Resources for the Future: Transformation in Forest Use

TF Resources for the Future: Transformation in Forest Use

Task Force Coordinator:

John Innes, Canada


William Nikolakis, Canada

Brief overview of the rationale, goals, and objectives of the Task Force

The rationale of this Task Force is to understand the transformation of forest use that is occurring in response to the pressures of globalization, population growth, resource scarcity and ecological degradation (“the challenges"). Transformation involves a distinct change in our relationship with forests. This change occurs at different levels within forests, from forest planting and forest harvesting and operations, to forest use and forest products. In particular this Task Force will look in a focused way at changes in how we use and value forests, a direct result of the rapid economic, social and ecological change experienced globally. The focus will be on more advanced forms of forestry such as those practiced in developed countries on an industrial scale, and on industrial-scale forestry and plantations in developing countries. Changes in the subsistence use of forests, while of interest, will not be a major focus of the Task Force. Today, forests produce a complex array of products from forest ecosystem services to timber and bio-products. Increasingly, a market value is being attached to forest ecosystem services, and this is changing the value systems associated with forestry. Critics argue that quantifying the products coming from forests serves to commodify and diminish the value of forests (including spiritual and cultural values). However, without a price affixed to these values, they are at risk of being ignored by policy makers and industry.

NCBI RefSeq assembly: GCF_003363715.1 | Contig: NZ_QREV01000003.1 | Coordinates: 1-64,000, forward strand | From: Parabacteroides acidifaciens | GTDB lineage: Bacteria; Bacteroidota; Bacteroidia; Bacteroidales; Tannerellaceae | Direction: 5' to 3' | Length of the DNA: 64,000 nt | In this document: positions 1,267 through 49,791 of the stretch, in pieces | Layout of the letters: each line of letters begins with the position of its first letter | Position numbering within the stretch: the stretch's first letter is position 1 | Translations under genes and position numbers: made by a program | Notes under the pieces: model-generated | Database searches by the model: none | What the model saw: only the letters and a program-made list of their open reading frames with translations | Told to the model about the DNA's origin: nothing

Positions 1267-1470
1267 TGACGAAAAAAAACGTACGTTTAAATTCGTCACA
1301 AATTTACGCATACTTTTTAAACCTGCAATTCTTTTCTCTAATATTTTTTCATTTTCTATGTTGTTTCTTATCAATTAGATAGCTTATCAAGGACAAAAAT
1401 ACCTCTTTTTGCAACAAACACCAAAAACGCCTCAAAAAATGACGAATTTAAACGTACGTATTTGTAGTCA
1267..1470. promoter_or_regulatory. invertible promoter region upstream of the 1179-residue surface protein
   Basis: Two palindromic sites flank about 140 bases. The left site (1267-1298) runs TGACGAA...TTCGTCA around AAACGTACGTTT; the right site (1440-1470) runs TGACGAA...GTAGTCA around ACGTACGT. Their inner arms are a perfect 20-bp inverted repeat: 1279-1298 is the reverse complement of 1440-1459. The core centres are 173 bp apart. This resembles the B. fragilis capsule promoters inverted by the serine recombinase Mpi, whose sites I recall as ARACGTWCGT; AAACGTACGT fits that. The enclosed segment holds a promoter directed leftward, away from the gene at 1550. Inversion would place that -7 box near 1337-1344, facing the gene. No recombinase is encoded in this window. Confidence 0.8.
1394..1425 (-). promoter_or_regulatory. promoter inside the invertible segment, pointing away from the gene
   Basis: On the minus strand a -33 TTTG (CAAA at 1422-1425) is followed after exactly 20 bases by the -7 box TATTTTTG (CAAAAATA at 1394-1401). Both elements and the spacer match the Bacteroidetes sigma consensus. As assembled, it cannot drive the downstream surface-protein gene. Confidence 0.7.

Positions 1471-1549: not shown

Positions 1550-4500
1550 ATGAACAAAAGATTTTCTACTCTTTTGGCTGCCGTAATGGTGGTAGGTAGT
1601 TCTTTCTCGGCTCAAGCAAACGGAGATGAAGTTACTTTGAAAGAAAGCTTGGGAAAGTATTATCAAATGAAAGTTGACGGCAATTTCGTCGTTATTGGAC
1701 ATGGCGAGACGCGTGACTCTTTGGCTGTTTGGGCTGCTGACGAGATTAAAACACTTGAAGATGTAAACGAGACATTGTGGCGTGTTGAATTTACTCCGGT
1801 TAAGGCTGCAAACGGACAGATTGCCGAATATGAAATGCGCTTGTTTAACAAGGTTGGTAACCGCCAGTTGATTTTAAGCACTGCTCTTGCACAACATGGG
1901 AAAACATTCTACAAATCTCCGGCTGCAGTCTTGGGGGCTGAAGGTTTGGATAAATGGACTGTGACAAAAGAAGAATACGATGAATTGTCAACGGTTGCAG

The Task Force will aim to generate insights about the pathways that can be adopted to encourage a sustainable transformation in forest resource use, including:

(1) identification of the institutions, governance structures, policies and instruments that can help policy makers and stakeholders address problems and capitalise on opportunities brought about by rapid change;

(2)  description of the potential benefits and implications from the development of these institutions, governance arrangements, policies and instruments, in terms of equity, effectiveness and efficiency; and

(3) development of recommendations for forest research institutions to build understanding for, and facilitate implementation of, these institutions, governance arrangements, policies and instruments  that can support successful transformation in forest use.

Send comments to John Innes (Task Force Coordinator)